The admission committee analyses applicants’ potential by studying their portfolios, conducting interviews, and assessing their erudition
For example, they ask applicants to tell them a story from their life and they say, ‘you can tell us anything, as long as we believe you’. The admission committee includes both Russian and American teachers.
Members of the Association of Producers will want to see graduates of the Institute among their employees. Producers will wait in line for our graduates. If we are talking about student directors, we have agreements to give them the opportunity to take part in the filming process, to shoot a scene. It’s risky, but there is no other way to get into this job.
In honour of HSE University’s 30th anniversary in November 2022, the RT television channel made a documentary film called 2052: See the Future. The film is dedicated to the university’s research achievements and how they will change the world in the decades to come. The film was released this year in English and Arabic. The first festival screening of 2052: See the Future took place as part of the 7th Gagarin.doc International Festival of Cinema, Science and Contemporary Art.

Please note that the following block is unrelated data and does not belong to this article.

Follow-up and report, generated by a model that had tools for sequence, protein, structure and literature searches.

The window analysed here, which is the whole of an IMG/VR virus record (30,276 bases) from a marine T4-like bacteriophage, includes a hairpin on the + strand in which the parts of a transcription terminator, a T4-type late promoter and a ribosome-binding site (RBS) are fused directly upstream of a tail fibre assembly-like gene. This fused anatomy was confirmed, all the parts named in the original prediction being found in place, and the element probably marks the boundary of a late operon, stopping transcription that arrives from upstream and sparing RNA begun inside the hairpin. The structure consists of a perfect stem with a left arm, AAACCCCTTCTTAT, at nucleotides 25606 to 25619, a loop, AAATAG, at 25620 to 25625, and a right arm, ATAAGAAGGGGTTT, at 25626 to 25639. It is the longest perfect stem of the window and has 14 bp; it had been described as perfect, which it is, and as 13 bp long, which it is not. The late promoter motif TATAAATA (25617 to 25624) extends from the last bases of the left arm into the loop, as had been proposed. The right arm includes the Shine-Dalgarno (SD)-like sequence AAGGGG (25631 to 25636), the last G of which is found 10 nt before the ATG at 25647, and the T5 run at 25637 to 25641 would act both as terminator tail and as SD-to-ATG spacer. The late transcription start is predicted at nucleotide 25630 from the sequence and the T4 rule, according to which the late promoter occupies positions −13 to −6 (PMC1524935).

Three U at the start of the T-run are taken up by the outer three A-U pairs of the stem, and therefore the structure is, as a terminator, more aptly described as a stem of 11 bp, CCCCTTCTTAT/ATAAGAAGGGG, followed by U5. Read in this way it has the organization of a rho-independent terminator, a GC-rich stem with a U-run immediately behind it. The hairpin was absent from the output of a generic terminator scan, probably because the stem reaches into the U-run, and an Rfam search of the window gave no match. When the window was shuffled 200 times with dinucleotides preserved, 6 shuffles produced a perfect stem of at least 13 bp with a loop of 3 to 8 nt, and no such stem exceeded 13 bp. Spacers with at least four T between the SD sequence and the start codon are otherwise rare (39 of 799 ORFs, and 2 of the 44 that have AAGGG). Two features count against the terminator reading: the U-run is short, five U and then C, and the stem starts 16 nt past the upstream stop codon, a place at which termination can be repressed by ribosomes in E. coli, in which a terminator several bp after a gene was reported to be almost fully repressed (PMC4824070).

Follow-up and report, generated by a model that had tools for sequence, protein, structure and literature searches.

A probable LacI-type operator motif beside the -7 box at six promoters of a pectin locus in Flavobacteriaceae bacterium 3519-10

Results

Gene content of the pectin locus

On April 19, the HSE Film Institute held a press conference on the topic of ‘Achievements and New Goals’ at the HSE University building on Pokrovsky Bulvar. In addition, students of the Actor educational programme presented the results of their first year of studying.
One documentary and six animations created by HSE Art and Design School students were shortlisted at this year's St. Anna’s Festival. The annual Young Cinema Forum attracts the attention of aspiring film professionals from all regions of Russia, as well as the CIS, Europe and America. Students of the HSE Art and Design School told the News Service about the ideas behind their works, which were selected by the professional jury, and what it was like to work on them.
The film Alive Inside by American director Michael Rossato-Bennett discusses the surprising results of treating Alzheimer’s and other memory disorders with the help of music. The director first got the idea to make the film after he met Dan Cohen, a volunteer at a nursing home.